Chapter 10 : On the Move
The Berties rented a comfortable house and remained in Wesel for some months. Their son, Peregrine, was born there and baptised on 14th October 1555. Their success in leaving England encouraged other Protestants to do the same, and soon there was a healthy congregation in the town – but this did not please the authorities.
The Berties and most of the English exiles were not Lutheran, but Calvinist (to use the modern terminology). They did not accept the Confession of Augsburg and its interpretation of the Eucharist. The town authorities withdrew the licence for the exiles to worship in their own community, and in order to have the freedom to worship as they wished, they had to move on.
Their destination was Weinheim, in the firmly Protestant Palatinate. After an arduous journey of some two hundred miles, they arrived in April 1556. They already had a contact there – Miles Coverdale, who had completed the first translation of the Bible into English, and, like Katherine, had moved from Catholicism, through evangelical reform, to Lutheranism, and then to Calvinism.
Katherine and her husband were welcomed by the Elector Palatine, Otto-Heinrich, and given a rather splendid little castle to live in. Their time there was not entirely peaceful – an envoy from the English government received rough treatment at the hands of their servants, when it was rumoured that he was sent to order them home. The Elector intervened, and the man was obliged to leave his territories without delivering any papers. Their main problem, however, was money.
However much money they had managed to bring out of England with them, the employment and support Katherine gave to many of the other exiles soon meant she was running short. Whilst a bill to deprive exiles of their lands had been defeated in the English Parliament, it was not easy for them to obtain their income regularly. Katherine had entrusted her lands to one Walter Herendon, and to her mother-in-law, Alice Bertie, despite the lady’s Catholic faith. The amount of money they could safely send, however, was limited.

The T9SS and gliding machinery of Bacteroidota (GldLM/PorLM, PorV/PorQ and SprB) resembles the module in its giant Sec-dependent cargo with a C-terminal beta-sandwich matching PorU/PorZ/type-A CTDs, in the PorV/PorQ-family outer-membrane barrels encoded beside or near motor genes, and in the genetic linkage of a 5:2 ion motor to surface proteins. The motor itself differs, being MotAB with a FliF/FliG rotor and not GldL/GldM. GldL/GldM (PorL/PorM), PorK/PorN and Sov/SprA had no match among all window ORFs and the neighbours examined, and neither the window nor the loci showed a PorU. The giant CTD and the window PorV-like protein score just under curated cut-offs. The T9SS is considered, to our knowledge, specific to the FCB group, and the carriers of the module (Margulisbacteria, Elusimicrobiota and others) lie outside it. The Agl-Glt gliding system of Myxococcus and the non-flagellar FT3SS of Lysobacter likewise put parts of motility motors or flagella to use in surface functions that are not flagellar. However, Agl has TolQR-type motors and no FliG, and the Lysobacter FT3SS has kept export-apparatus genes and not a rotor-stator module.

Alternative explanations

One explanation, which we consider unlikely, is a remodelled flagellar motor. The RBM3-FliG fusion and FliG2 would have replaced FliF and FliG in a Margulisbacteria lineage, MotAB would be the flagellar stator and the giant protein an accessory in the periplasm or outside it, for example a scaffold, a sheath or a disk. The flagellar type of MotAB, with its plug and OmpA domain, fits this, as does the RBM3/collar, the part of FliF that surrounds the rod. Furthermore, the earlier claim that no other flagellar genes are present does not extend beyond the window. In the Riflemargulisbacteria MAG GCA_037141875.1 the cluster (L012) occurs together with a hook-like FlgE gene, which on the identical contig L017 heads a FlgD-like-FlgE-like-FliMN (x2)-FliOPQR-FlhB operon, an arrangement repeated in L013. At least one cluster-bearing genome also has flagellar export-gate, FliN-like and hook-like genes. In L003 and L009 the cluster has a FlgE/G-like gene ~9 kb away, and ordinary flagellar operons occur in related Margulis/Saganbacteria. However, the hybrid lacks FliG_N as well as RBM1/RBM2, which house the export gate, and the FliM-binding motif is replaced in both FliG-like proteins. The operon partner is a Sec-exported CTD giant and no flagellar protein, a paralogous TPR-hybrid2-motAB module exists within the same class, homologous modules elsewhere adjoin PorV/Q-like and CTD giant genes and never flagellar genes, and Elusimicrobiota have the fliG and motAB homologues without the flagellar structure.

Fortunately for Katherine, a past kindness came to her aid. During Edward VI’s reign, she had supported the Polish Protestant noble in exile, Jan Laski (John a Lasco). Laski, now in favour with his king, requested King Sigismund and his brother, the Count of Vilna, to help. Before long, an invitation to Poland had arrived. Katherine, of a prudent nature, sent a jewel to the king and count, requesting that the invitation be repeated under seal – perhaps to prevent them changing their minds, or possibly to use during her journey as a kind of safe-conduct.
The Bertie family moved slowly north, via Frankfurt, to Samogitia, in modern Lithuania, arriving in the summer of 1557. According to Foxe, Bertie and Katherine ruled over the region on behalf of King Sigismund.
Their sojourn in Lithuania was not long. By the end of 1558, Katherine knew that Queen Mary was dead, and had been succeeded by Elizabeth. Katherine was well-acquainted with the new queen, who had spent a considerable portion of the years 1544-8 in the household of Katherine Parr, and who had been on the outskirts of the radical Protestant group in Edward’s reign, although she herself was more conservative in religion than they. It can only have pleased Katherine that her old friend, Sir William Cecil, had been appointed as Elizabeth’s private secretary.
The duchess wrote a fulsome letter of congratulations to the queen, no doubt hoping for a swift invitation to return to the centre of the English court.
‘For if the Israelites might rejoice in their Deborah, how much we English in our Elizabeth, that deliverance of our thralled conscience … I greedily wait and pray to the Almighty to consummate this consolation, giving me a prosperous journey once again presently to see your Majesty, to rejoice together with my countryfolks, and to sing a song to the Lord in my native land,’ she wrote.
But Katherine was to be disappointed. She had admired the religious zeal of the late Queen Mary (even though she thought her quite mistaken) but Elizabeth was a cat of a different stripe and was more inclined to compromise in matters of religion. Cecil informed Katherine that the radical Protestantism she espoused was not to Elizabeth’s taste, and that the queen intended a settlement that could satisfy her Catholic as well as her Protestant subjects.
Despite this seeming setback, Katherine and Bertie made arrangements to return home and were back at Grimsthorpe by harvest time of 1559. Elizabeth restored all their lands and cancelled some outstanding crown debts and Peregrine was naturalised as an English subject.